Cell damage to the adrenal cortex reduces control of blood pressure and the secretion of important enzymes, causing hypotension, sodium loss, and a decrease in blood plasma volume resulting in shock (similar to toxic shock). Combined with multiple organ failure caused by the damage to vascular and coagulation systems, the body eventually succumbs[3,4,5,8].
Ebola has almost exclusively occurred in Africa, with one strain being present in Asia and laboratory animal outbreaks occurring in the United States and Europe after importing monkeys from the Philippines.
The first known outbreaks of Ebolavirus took place in 1976, in southern Sudan and northern Zaire (now the Democratic Republic of the Congo). These outbreaks were caused by what became known as the Sudan ebolavirus and the Zaire ebolavirus, respectively. The reuse of contaminated needles played a large role in spreading the disease during these outbreaks, which resulted in 284 infections and 151 deaths.
In 1989 the Reston ebolavirus was discovered in Cynomolgus monkeys imported from the Philippines to a research facility in Reston, Virginia USA. The Philippines exports purpose-bred, non-human primates to be used in research worldwide. In the 1980’s and 1990’s over 5000 animals were exported per year. That number is now less than 1500 annually. In the 1989 outbreak, Ebola spread through the facility’s monkey population by droplets and small particle aerosols, a potential airborne route that would cause significantly more distress if this strain actually caused symptoms in humans. Once the pathogen was identified as an Ebolavirus, the army’s USAMRIID branch sent people to the facility to euthanize all the monkeys and cleanse it. A similar outbreak occurred in monkeys imported to a lab in Sienna, Italy, in 1992-3, and again in the United States in 1996. In 2008, the disease was found in pigs in the Philippines, which raises the concerns for it entering the food chain[3,4,7,11].
The Taï Forest ebolavirus was discovered in 1994, after an ethnologist became infected while doing a necropsy on a chimpanzee.
In 2007, the latest species, the Bundibugyo ebolavirus, was discovered during an outbreak in Uganda.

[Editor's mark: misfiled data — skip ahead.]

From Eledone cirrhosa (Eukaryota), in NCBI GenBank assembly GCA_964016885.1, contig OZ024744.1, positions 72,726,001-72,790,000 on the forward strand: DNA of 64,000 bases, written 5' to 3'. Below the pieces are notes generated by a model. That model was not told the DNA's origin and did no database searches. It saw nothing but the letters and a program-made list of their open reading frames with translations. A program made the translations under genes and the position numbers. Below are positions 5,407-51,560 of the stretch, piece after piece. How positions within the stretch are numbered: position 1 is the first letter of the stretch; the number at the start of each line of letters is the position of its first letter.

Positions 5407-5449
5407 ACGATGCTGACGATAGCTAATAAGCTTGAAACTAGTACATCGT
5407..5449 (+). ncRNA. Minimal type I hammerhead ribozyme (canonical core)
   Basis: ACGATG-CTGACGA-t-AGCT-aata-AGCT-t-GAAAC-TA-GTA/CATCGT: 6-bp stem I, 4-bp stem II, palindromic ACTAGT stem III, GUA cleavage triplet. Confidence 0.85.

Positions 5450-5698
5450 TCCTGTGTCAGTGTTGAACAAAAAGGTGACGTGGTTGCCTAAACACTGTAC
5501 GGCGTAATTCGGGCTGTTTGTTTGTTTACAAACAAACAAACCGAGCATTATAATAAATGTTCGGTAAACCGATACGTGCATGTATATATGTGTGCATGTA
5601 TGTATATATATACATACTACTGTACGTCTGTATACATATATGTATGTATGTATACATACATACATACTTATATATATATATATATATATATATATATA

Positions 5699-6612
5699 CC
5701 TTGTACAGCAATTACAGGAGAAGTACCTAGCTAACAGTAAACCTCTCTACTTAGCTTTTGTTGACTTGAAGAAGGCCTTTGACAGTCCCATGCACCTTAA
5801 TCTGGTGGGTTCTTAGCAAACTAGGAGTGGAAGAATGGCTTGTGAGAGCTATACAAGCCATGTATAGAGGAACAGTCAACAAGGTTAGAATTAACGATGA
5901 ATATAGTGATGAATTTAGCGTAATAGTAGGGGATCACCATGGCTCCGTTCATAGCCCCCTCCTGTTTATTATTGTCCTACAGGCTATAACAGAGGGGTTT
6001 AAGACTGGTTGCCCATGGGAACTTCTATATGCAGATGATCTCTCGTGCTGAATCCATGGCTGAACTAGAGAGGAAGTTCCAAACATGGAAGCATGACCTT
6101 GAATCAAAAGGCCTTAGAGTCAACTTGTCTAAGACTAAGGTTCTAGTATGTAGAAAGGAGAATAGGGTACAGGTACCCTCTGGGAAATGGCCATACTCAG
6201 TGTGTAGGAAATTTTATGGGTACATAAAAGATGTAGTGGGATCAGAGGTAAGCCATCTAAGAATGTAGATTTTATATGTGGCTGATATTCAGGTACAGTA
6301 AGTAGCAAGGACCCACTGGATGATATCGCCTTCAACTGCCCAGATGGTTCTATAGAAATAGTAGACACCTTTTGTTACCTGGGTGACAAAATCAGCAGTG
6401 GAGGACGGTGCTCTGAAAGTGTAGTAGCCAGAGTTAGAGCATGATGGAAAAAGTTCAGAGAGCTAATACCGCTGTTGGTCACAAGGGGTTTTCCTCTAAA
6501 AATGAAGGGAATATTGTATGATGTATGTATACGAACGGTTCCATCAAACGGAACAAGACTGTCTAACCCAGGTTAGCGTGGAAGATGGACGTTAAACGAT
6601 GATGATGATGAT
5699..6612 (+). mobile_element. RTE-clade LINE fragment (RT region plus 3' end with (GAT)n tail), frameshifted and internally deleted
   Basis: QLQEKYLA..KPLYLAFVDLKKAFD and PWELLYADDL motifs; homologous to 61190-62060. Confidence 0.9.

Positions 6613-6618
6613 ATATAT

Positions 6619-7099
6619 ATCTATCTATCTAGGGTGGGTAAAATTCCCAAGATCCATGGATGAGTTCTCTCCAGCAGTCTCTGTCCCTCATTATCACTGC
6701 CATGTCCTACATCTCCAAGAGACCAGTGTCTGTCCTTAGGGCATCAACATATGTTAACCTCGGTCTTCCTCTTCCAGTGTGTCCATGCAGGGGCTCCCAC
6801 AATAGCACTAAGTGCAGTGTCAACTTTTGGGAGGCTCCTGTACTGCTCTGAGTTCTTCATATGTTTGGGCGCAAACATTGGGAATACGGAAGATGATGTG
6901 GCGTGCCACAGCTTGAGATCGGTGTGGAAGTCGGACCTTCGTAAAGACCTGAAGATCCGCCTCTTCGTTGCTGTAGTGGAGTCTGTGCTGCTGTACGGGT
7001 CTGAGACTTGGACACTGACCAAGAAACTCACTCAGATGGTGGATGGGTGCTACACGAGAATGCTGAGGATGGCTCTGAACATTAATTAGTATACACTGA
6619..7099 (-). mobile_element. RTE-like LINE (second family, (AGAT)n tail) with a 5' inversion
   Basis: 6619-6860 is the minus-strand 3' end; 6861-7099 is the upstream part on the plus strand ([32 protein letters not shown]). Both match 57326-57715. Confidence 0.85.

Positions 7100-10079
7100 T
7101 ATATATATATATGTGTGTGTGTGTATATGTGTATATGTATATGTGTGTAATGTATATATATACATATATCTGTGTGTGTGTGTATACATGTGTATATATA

As a Category A pathogen, Ebolavirus is considered a high risk agent and potential biological warfare agent. In 1993 the Aum Shinrikyo, a Japanese cult that sought to establish a theocratic state in Japan by proving an apocalyptic prophecy (along with other rather unhinged methods), attempted to obtain the Zaire ebolavirus from Africa with the intention of using it as a weapon[6a]. Fortunately, they failed.
There is no current treatment for Ebola. Instead, strategies capitalize on managing the outbreak and symptoms: patients are to be isolated and symptoms treated. Intensive care treatment aiming to maintain blood volume and electrolyte balance and managing shock, kidney failure, coagulation disorders, and any secondary infections is paramount[2,3].
On the bright side, there are many investigational treatments being researched, and the current outbreak is pushing things along. Vaccinations are being explored, and their use would likely include ring vaccination during outbreaks to contain them, vaccinating health care providers and researchers, and/or vaccinating great apes to protect their populations and decrease the risk of the infection crossing into humans.
Many therapeutic agents are also in the works, with one example being T-705, which is the first effective agent that treats advanced Zaire ebolavirus – it prevented death in 100% of animals when given 6 days post infection, in a study published this year. The drug functions by inhibiting viral replication. Hopefully this drug, along with others, will prove successful in further clinical trials!